Let’s turn to a more chilling related question: whether the radiation emitting from the weak bond between religion and science is important? Is the situation more than a little toxic? Could the injurious combination turn fatal?

Well, Yes, it is injurious, it has turned fatal, and the danger seems to be increasing daily. Consider the case of an airplane hijacked and under the control of Islamic terrorists. Yes, the events of 9-11-2001 offer a stunning example of the religion-science partnership. The control agents, the terrorists, claim a religious purpose, make a plan and set the goal; the plane, the means of destruction, is a subservient product of science. Here we have a prototype example of what the hegemony of religion over science means in the modern context.

The existence of the nuclear bomb stockpiled in nine nations, with Iran in the wings, is an even more potentially deadly example. The fearful nations, headed by leadership committed to a religious faith, claim the right to use the terrible products of extraordinary science for the survival of its variant of humanity. The commitment to religion and ideas like heaven, hell, and salvation make the otherwise unthinkable use of such weapons thinkable.

Because of this possibility, the Doomsday clock was invented in 1947 by atomic scientists. The Doomsday Clock is meant to dramatically indicate the realistic probability of nuclear calamity, and the “minutes to midnight” has been announced on every cover of the Bulletin of Atomic Scientists since its origination. It was originally set at 11:53, seven minutes to midnight. This was shortly after the dropping of the bomb on Hiroshima and Nagasaki, the end of World War II, the development of the Hydrogen Bomb, and the beginning of the cold war with the Soviet Union.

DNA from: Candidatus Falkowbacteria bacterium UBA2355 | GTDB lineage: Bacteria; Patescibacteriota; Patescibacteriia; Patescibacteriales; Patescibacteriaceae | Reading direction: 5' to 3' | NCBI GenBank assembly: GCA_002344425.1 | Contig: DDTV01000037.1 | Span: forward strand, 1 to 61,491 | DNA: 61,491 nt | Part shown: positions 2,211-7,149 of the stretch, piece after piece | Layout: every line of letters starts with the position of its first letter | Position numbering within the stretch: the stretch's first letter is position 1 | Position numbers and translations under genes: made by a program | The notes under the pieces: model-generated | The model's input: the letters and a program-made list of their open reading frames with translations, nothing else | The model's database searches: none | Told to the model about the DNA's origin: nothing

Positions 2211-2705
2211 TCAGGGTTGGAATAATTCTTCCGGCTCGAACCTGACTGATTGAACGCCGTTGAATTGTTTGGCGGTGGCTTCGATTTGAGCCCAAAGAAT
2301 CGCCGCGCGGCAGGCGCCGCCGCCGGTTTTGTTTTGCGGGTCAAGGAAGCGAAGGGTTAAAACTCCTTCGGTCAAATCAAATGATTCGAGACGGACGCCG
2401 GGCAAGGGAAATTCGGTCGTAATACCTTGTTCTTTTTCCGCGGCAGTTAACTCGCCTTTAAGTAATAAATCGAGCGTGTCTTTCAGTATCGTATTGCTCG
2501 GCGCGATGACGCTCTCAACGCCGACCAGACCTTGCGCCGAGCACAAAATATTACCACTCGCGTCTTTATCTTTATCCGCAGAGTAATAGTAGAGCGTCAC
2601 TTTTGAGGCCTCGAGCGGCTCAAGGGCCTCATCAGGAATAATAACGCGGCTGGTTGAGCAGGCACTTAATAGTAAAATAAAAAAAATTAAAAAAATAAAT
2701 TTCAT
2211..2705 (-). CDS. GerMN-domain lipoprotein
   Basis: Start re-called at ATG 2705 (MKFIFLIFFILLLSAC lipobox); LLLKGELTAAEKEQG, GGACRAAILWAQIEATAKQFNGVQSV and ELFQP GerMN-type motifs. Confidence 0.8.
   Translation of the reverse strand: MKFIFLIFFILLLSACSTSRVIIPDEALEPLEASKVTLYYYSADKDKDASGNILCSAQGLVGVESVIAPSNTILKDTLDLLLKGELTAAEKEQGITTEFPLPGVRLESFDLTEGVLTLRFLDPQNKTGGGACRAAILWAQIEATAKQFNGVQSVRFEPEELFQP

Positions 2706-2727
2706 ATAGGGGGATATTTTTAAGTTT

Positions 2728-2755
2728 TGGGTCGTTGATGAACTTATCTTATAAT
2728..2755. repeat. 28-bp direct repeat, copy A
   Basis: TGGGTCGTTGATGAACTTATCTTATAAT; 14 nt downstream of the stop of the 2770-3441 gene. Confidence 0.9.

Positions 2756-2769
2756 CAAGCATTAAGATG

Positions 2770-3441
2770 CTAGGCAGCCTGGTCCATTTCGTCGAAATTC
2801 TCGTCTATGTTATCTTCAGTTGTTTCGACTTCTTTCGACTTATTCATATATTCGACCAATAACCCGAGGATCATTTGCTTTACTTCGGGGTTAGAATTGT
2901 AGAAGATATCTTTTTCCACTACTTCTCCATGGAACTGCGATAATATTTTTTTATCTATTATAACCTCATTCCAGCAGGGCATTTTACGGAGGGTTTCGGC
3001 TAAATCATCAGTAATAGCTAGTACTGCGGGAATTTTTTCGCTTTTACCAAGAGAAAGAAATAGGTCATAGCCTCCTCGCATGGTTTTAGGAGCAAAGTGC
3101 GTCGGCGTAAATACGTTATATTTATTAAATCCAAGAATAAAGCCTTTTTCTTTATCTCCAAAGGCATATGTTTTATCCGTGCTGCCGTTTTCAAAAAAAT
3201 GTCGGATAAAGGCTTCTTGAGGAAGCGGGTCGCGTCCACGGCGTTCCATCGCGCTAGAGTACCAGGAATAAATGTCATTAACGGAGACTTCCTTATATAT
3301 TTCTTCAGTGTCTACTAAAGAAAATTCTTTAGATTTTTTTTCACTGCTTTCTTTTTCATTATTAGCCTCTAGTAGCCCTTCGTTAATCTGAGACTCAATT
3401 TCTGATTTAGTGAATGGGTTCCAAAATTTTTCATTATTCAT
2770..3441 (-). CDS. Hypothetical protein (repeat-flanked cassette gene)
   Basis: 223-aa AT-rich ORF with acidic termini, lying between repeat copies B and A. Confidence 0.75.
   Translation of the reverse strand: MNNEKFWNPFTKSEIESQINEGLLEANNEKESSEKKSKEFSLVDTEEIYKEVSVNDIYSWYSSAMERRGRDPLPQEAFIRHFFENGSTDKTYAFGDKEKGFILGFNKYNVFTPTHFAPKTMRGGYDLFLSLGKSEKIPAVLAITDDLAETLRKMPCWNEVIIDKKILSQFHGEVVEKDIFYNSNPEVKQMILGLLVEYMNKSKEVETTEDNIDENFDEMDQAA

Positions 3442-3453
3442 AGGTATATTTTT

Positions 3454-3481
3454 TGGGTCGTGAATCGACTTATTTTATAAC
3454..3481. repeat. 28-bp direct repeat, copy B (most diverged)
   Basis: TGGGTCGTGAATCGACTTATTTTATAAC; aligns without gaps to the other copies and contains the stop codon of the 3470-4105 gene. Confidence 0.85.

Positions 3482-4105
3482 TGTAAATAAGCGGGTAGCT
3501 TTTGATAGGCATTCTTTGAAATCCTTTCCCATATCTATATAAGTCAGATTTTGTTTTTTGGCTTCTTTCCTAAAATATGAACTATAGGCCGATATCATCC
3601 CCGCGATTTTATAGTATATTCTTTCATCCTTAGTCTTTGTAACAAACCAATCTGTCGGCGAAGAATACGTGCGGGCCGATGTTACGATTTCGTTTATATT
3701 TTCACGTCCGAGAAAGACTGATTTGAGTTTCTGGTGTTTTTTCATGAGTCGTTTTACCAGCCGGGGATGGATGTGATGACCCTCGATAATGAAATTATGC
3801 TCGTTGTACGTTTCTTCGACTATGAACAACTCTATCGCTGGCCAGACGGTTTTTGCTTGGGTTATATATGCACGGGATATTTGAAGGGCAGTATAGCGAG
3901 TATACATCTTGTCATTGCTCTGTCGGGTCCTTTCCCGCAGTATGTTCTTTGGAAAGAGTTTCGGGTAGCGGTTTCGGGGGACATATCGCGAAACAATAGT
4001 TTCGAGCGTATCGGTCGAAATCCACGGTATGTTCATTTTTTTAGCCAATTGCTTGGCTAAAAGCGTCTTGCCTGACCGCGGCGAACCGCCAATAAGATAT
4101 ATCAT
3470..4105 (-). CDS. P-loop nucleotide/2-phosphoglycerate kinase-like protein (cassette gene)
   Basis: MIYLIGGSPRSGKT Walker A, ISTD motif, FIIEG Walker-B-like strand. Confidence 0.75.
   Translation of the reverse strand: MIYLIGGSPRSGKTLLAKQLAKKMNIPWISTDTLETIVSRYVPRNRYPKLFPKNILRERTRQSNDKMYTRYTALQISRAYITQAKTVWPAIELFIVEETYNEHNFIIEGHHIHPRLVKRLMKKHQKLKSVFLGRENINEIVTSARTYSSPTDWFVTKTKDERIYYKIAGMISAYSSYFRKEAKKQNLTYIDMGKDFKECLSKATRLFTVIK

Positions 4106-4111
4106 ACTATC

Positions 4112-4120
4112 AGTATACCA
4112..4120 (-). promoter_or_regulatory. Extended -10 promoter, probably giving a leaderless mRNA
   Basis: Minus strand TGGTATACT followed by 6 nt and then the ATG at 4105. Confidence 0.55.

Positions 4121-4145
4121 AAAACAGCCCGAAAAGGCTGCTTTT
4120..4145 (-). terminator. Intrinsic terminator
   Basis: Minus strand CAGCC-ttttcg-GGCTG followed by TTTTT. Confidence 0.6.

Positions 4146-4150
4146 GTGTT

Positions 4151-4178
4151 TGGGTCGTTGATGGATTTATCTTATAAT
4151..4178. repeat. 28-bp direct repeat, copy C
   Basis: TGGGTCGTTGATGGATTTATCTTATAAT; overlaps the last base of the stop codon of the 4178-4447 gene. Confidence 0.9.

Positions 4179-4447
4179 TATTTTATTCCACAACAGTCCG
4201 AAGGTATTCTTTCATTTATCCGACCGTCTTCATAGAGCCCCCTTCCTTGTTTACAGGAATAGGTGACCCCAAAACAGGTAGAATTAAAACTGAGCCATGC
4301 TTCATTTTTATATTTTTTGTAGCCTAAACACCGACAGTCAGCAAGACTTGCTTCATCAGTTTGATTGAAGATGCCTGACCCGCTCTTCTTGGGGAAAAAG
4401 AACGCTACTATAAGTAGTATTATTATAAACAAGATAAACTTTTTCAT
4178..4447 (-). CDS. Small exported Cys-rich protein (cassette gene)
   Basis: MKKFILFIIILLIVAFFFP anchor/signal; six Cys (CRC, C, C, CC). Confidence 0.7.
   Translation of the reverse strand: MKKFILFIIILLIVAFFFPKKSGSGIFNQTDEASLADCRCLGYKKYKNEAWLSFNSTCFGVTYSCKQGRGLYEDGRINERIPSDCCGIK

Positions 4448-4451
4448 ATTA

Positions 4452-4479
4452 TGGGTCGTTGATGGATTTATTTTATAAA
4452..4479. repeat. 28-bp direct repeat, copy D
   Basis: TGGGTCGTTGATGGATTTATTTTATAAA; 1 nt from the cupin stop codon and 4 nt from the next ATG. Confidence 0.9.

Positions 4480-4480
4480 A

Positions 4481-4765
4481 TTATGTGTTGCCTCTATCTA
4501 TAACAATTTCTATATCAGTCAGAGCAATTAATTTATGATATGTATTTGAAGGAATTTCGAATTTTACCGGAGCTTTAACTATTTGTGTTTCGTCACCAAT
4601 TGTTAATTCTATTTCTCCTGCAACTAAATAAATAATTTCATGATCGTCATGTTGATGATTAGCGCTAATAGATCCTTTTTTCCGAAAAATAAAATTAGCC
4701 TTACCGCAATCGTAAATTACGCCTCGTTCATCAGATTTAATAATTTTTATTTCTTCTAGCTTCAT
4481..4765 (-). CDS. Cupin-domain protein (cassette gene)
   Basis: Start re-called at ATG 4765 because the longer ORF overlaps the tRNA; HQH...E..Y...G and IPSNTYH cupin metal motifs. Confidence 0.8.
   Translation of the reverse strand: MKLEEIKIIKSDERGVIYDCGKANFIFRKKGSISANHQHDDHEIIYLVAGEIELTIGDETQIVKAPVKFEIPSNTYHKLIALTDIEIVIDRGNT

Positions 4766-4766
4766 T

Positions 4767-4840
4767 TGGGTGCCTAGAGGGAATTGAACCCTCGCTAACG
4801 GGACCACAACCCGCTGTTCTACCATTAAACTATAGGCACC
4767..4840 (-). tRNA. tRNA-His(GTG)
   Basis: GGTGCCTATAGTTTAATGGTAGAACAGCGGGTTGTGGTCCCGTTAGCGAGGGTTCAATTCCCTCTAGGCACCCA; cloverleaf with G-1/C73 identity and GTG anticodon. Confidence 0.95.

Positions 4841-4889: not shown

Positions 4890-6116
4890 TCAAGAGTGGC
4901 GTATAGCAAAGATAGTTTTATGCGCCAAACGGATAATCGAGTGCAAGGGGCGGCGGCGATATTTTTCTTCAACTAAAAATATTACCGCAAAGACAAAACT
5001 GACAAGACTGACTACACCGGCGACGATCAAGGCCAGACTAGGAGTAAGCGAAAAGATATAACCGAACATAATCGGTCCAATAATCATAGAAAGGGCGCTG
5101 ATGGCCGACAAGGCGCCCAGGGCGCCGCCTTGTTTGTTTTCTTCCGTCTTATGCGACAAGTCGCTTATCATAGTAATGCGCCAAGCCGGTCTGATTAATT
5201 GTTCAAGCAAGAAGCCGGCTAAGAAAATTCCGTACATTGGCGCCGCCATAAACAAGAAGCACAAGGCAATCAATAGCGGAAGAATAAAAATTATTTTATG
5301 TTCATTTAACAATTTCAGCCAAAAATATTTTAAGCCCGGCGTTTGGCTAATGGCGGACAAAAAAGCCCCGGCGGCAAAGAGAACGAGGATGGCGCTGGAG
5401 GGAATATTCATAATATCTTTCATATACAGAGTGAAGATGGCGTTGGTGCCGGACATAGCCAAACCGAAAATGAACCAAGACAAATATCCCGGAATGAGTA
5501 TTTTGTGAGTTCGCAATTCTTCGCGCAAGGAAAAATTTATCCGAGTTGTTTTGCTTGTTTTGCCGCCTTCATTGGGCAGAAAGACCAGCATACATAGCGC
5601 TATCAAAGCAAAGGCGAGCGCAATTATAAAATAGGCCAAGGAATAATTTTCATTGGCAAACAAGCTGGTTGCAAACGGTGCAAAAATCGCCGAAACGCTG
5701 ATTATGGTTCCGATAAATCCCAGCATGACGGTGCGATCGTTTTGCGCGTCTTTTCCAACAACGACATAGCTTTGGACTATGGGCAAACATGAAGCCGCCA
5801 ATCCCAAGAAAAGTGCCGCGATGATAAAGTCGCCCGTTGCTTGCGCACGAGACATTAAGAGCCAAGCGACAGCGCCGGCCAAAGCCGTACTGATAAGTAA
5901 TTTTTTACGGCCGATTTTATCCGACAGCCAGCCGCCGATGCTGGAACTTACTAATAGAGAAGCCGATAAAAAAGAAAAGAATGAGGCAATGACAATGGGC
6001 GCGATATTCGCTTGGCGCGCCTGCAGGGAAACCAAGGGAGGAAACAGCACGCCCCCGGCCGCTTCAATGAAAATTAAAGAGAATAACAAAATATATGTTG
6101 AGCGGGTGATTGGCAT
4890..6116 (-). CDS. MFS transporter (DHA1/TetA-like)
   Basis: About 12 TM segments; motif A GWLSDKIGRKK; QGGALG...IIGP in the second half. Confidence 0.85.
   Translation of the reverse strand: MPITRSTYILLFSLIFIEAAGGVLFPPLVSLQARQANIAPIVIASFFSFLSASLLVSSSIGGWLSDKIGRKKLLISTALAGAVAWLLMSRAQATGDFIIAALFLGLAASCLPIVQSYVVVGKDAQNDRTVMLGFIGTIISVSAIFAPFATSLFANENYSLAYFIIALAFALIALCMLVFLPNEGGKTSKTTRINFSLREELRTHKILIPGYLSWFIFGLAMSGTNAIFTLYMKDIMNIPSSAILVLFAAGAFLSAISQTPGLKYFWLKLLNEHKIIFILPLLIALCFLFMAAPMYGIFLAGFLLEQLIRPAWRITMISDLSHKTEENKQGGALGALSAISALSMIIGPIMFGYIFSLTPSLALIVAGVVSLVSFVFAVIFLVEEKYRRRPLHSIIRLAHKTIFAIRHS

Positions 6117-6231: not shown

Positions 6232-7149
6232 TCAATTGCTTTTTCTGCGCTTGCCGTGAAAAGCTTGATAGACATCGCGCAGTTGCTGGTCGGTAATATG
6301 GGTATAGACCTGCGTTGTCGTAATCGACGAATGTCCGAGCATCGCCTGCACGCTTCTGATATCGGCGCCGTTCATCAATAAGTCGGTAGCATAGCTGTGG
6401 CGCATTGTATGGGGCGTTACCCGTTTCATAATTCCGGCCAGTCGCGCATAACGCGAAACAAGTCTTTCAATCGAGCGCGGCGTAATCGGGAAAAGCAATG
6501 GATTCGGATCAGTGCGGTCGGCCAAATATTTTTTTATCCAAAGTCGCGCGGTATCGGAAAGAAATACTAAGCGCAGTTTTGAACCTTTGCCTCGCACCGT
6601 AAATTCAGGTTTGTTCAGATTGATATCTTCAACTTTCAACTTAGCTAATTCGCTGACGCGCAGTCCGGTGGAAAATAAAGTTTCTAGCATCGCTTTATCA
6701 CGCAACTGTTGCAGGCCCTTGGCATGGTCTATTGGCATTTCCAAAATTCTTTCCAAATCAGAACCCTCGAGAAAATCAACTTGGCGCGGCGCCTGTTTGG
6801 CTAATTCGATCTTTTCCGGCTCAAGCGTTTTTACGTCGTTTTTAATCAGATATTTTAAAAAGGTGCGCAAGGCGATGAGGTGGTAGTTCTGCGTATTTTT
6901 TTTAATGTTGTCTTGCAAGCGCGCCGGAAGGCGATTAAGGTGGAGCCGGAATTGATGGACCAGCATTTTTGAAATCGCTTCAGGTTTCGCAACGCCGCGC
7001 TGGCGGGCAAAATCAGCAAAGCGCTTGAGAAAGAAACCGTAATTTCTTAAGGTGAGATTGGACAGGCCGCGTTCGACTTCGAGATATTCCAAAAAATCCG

On January 22nd of this year, 2015, the clock was reset to 11:57, three minutes to midnight, to reflect not only recent improvements in nuclear weaponry, the unsolved problem of nuclear waste, and Russia’s entry into the Ukraine, but also because of the dismal news on climate change, that 2014 was the hottest year in memory and that average global temperature has been increasing.

It is deeply ironic that science is responsible for so much that people value in modern life without winning the hearts and minds of the majority of benefitted citizens. It is even more terribly ironic that the most dangerous knowledge and capabilities of science are often in the control of religionists who might use them for terror and war. We don’t even seem to have the good sense to believe scientists on global warming. The results seem predictable: stormy, calamitous times ahead.

Do I know any good answers to address our collective global dilemmas? Not really, but I have a few ideas. First, let’s give science a turn as advisor, guide, and primary authority on truth claims and the meaning of life. Second, let’s agree to allow God to get out of the war business. Third, let’s ask religious communities to celebrate nature, the planet, and the mystery of life on earth as revealed by science, foregoing the historical focus on death and the dramatics of afterlife. That would be more than a start. That would be a healthy revolution. Let’s give science a chance to guide us into the future. Science has earned it.

Will Callender, Jr. ©

April 10, 2015

Author of Abdication: God Steps Down for Good

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2 thoughts on “Religion and the Credibility of Science

Add yours

  1. Will ~ Your last paragraph has truly hit the ball out of the park! Here! Here!
    Scottie

    P.S. We wondered if you had ever seen George Carlin’s “rendition” of God and religion! We think you’d really enjoy it (look for it on YouTube!)! Sometimes we need a good jab, and he does it royally (humorously)!